of New Berne. The first part of this programme was excellently well carried out; 3 of the enemy's pickets were captured; the bridges within the enemy's lines were repaired. At 400 yards we came for the first time in view of the work. The result of what I had heard of the character of the work and learned from my reconnaissance of the previous day, and from what I now saw before me, was as follows:
It was a simple pan coupe,situated on a slight elevation, the height of the interior crest being 8 or 9 feet and the ditch in front 6 by 8 feet. It was flanked by a swamp of 3 or 4 miles on the right and a swampy creek on the left, so that it could only be approached in front. The road ran down to its center and then along the ditch of the left half. The garrison was composed of a two-years' regiment, about 250 or 300 strong.
It was now broad daylight. The presumption was the garrison would fire one round, costing us 50 or 100 men. I therefore decided to display my force, demoralize them by a heavy fire, and demand a surrender, thus saving my own men and not unnecessarily killing theirs. The light batteries deployed finely into battery at 400 yards from the work and opened upon it a rapid and well-directed fire. After a few minutes I demanded a surrender by Lieutenant [Louis G.] Young, my aide-de-camp. This was a mistake on my part and a I regret it very much, but it had no effect upon the principal object of the movement. They declined surrendering without consulting General Foster, &c. The firing was then recommenced. I now devoted my attention to the 20-pounders. I regret to say that their performance was execrable-fully as bad as the experiments at Goldsborough led us to fear. A gunboat lay opposite us at the wharf in New Berne, about 1 1/2 miles distant, getting up steam and firing upon us, in which she was aided by field guns, probably Whitworths from the sound of the missiles. Half of the shells from the 20-pounders burst just outside of the guns. They turned over in the air and were perfectly harmless to the enemy. At length the axle of one of these guns broke and it became unserviceable. Then another burst, wounding 3 men, 1 of them mortally. These four 20-pounders were our sole agents for accomplishing the object of the expedition. It was now painfully evident that they were worse than useless. Of the six guns composing the battery two had burst at Fredericksburg, one here, a fourth was disabled by the breaking of an axle-tree. The ammunition was fully as bad as the guns. The light guns would have been effective against gunboats in an ordinary sized river, but the Neuse at New Berne is so wide as to enable them to remove a mile or two distant. Other boats with heavy guns were coming round from the Trent. The principal object of the expedition having then utterly failed it seemed to me folly longer to expose the men and material of the artillery. The only question was whether I should carry the work before withdrawing. The Twenty-sixth had been in waiting ever since daylight and would have done it in five minutes. The advantage of so doing would have been the capture of some 300 two-years' men, with their arms. The work we could not hold. The disadvantage was the probable loss of a certain number of men 60 miles from our hospitals. I decided against it. It cost me a struggle, after so much labor and endurance to give up the eclat, but I felt that my duty to the country required me to save my men for some operation in which sacrifices would be followed by consequences, not in capturing two-years' men and holding temporary possession of breastworks, however brilliant the operation might be. I therefore withdrew the whole command except the Twenty-sixth Regi-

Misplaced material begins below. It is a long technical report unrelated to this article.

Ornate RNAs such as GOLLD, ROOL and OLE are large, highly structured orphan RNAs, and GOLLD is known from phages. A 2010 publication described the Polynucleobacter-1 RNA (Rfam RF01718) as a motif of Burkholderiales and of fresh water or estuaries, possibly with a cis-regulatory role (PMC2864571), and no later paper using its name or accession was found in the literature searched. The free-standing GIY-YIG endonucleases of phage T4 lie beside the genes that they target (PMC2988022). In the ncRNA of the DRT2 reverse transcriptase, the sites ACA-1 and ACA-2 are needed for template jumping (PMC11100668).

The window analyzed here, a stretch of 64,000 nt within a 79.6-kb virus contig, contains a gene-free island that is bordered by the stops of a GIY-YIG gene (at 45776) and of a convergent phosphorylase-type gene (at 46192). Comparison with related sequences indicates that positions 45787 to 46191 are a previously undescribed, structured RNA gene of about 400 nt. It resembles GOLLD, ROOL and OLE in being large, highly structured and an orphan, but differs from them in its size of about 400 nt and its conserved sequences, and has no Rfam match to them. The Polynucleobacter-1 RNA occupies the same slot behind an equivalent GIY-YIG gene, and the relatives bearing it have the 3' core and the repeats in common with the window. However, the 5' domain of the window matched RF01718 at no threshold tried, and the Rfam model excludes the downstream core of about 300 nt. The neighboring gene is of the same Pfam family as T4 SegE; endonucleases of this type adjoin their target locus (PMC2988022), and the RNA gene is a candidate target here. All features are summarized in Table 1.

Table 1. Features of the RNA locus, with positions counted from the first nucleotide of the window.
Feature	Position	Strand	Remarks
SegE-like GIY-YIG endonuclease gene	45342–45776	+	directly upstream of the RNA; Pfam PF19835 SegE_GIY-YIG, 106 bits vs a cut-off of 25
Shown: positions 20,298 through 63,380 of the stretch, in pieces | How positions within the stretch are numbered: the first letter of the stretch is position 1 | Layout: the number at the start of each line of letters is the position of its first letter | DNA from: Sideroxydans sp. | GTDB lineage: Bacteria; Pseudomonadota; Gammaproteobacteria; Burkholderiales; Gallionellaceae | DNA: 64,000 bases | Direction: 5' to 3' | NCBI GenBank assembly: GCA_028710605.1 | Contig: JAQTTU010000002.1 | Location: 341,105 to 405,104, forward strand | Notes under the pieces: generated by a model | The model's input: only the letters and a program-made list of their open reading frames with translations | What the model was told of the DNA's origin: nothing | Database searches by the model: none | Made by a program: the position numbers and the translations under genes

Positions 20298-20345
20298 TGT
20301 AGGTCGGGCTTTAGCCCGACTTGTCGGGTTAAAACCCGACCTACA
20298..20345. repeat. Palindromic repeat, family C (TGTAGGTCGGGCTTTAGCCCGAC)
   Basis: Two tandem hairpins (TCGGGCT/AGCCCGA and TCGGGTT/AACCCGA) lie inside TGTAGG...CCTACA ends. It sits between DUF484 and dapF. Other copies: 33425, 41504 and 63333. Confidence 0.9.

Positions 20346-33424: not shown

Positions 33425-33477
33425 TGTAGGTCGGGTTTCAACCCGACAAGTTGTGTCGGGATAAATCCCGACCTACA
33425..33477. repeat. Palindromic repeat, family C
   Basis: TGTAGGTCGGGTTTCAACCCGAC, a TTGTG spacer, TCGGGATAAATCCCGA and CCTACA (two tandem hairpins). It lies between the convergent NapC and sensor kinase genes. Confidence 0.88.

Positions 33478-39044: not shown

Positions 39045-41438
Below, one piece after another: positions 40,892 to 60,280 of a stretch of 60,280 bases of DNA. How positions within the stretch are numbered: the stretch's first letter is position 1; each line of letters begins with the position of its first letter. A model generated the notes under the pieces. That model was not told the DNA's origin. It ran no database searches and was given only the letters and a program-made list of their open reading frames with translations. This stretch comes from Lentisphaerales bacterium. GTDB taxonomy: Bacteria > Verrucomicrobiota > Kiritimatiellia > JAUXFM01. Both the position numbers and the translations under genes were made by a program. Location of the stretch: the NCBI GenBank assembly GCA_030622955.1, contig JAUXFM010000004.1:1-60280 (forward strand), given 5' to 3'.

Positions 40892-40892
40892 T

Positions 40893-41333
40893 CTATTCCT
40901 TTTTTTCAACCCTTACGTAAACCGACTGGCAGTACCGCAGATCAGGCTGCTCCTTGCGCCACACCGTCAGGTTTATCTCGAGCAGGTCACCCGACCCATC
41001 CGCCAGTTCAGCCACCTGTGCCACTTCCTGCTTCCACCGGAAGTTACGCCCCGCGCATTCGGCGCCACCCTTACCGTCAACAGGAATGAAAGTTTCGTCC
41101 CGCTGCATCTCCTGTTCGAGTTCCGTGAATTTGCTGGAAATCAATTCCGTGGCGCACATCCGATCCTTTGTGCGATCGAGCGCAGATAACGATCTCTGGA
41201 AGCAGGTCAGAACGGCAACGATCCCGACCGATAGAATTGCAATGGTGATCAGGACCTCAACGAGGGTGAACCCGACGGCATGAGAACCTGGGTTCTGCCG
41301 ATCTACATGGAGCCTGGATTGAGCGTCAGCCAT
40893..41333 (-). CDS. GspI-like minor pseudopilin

13 R R-VOL XVIII